Tuesday, June 14, 2016

Acceptance is All

Things die. Ideas, hopes, dreams, aspirations, animals, people. Sad, yes. Also, natural. What is there that has outlasted its immaculate self, its best self, its prime self? Yes, there's restoration and preservation. Yes, there are monumental embodiments of mans' deference to existing. But eventually? Look on my works, time, and see the dusts of disrepair. We all die. Everything, eventually, is replaced. It’s there, or it isn’t.

Like the Canada Goose I saw stumble, and fall. Had it not been in the road, in front of a bus, other accidents might not have happened. But the unforeseen obstacle, right where a busy intersection had customary traffic plying away at the hustle of needing to be somewhere else, created a consternation of calamitous proportions. Tires screeched. Brakes squealed. Did fenders bend? And the goose, unable to move, seemed shocked into non-reaction, resigned to accepting its fate. But since my vehicle was not in its lane, I steered cautiously past, and was soon away (again).

We are affected by all that goes on. And we affect so much more than we normally might imagine. Our actions have an impact that creates the chaos of fragmentation, disintegration, and the redirection of an otherwise usual flow of things. But not all is negative. We may well fly like butterflies and sting like bees, but we might in our wake engender a great deal of positive energy; create a climate of loving actions. Because one brakes for the deer that unexpectedly crosses the road, might one also not be at that crossroad when the goose falls? Perhaps not be at that coincidental spot on the road when from between parked cars the five year old girl runs out to retrieve her errant ball!

Thing is, there is a difference in responsibility once one knows the possible consequences of one's actions. Whether an individual, a group, a populace, a city, a nation, or even a species, we humans know better! Yet we persist in overpopulating. We persist in plunder and pillage and even raping our natural resources. We persist in divisive and hateful polemics. We persist in war and terrorism and avenging the past. We persist in greed. We continue to use and abuse and want more and more. I do. Do you? It is deep in our nature not to be able to stay small and self contained and satisfied with seeking, beyond sustenance, inner peace. The answer appears always to lie out there, somewhere, away from where we are. So we venture out and change our geographical locations, our familial ties, our familiar ways, and we challenge (or build) walls, and cross borders, and assume a new citizenship (at least, I did), and generate with our being a whole host of consequences that affects the traffic and the flow and the lives of all those who each must make some slight recalibration in their very existence to accommodate the fact that you too are on the road. It's natural. But does it have to be a Carson-ian 'Silent Spring'?*Thing is, once you know that you affect others, you become yet more responsible for your actions!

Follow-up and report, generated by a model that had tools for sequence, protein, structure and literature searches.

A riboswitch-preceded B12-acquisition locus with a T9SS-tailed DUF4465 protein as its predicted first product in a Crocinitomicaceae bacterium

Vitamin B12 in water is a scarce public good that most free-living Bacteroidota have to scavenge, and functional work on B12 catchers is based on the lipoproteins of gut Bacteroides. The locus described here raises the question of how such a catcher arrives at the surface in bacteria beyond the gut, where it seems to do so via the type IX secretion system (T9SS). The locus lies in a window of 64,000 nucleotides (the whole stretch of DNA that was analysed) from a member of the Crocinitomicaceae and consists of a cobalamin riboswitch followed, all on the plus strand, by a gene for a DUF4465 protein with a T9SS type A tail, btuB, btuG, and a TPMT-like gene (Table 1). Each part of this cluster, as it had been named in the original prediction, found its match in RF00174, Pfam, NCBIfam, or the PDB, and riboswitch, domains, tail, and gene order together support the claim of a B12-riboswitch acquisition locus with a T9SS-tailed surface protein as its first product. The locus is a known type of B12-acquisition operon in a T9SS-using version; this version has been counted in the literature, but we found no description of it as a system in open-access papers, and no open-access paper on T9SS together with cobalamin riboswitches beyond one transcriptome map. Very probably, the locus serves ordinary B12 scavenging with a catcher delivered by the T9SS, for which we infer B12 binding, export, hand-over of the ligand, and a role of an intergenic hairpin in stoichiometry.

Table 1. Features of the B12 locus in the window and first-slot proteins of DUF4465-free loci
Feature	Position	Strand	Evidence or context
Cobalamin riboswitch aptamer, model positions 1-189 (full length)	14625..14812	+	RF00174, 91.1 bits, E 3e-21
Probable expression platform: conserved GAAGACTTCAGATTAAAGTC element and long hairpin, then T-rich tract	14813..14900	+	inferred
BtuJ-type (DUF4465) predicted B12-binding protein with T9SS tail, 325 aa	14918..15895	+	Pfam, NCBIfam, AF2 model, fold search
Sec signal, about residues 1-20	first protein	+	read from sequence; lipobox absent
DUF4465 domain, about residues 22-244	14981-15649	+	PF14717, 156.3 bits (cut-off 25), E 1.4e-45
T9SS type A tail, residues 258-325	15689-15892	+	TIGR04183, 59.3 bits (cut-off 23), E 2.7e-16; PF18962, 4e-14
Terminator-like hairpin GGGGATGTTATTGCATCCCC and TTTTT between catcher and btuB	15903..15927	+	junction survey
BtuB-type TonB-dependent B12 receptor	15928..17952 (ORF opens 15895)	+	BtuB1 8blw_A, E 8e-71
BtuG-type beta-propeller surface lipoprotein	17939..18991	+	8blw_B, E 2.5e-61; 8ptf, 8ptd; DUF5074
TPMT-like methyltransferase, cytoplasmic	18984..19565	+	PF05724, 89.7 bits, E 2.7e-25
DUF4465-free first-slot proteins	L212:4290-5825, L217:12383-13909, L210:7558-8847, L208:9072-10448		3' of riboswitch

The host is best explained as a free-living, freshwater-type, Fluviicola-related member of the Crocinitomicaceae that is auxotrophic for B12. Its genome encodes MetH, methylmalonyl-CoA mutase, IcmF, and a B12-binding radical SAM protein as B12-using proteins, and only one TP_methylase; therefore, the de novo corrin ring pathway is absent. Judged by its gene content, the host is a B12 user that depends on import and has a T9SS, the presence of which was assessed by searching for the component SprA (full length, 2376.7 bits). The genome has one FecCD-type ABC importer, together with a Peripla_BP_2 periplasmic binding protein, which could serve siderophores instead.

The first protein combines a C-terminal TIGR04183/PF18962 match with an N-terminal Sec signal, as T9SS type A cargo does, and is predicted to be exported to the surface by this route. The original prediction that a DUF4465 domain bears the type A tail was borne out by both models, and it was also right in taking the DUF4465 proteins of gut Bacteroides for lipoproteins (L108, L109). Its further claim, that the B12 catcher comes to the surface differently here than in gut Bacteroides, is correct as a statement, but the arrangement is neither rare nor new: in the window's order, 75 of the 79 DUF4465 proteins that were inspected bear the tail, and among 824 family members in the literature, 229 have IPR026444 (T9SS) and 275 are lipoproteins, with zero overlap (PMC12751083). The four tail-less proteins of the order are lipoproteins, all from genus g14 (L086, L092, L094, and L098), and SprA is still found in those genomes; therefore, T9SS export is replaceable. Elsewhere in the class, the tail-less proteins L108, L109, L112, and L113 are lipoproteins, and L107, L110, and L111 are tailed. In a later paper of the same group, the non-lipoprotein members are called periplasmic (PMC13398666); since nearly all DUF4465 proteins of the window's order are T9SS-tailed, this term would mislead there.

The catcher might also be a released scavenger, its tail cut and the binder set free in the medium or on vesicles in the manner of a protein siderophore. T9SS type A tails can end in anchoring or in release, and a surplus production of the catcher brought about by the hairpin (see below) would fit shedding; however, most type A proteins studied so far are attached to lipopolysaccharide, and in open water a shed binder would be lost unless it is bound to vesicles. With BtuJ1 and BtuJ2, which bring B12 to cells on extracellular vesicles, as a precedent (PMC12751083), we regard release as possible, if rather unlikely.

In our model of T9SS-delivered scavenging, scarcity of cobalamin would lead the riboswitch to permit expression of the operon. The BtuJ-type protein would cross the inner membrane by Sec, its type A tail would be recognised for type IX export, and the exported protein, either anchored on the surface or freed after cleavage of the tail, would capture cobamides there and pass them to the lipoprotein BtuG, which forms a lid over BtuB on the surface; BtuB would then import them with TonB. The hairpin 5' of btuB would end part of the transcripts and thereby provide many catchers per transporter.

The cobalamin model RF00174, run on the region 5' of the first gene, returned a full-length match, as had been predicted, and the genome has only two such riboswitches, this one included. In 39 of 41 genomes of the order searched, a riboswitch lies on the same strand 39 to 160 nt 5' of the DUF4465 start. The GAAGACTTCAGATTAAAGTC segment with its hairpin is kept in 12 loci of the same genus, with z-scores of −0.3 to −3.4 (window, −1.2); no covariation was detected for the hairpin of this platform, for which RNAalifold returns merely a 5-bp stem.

Drunk drivers are an example. They show us how seriously maligned our sense of responsibility can be. So too for petty thieves. So too for each act that breaks ethical sensibilities. So too for the malcontent that no longer gives a damn about the noise he or she makes, or the bumping and bruising created by barging through another's psyche. We go quiet in the presence of hummingbirds. We teach children not to shriek with excitement in the presence of nature. We teach respect, accord, deference, gentleness, compassion, and love. Why is it that, generally, there are so very-very many who do not get that lesson? What happens to make people shoot and kill and harm and vilify and denounce and segregate and go to war? Is that what Lieutenant Cable cries when he sings "teach your children"?** Just where does history end but in the death of everything that exists, and the giving over to something else that in turn, too must die. Such is history. It alone, 'lives'. Acceptance is all, indeed, but in the meantime....  Take care!

* Carson, Rachel (1907-1964): Silent Spring.
** Rodgers and Hammerstein: South Pacific (the musical).

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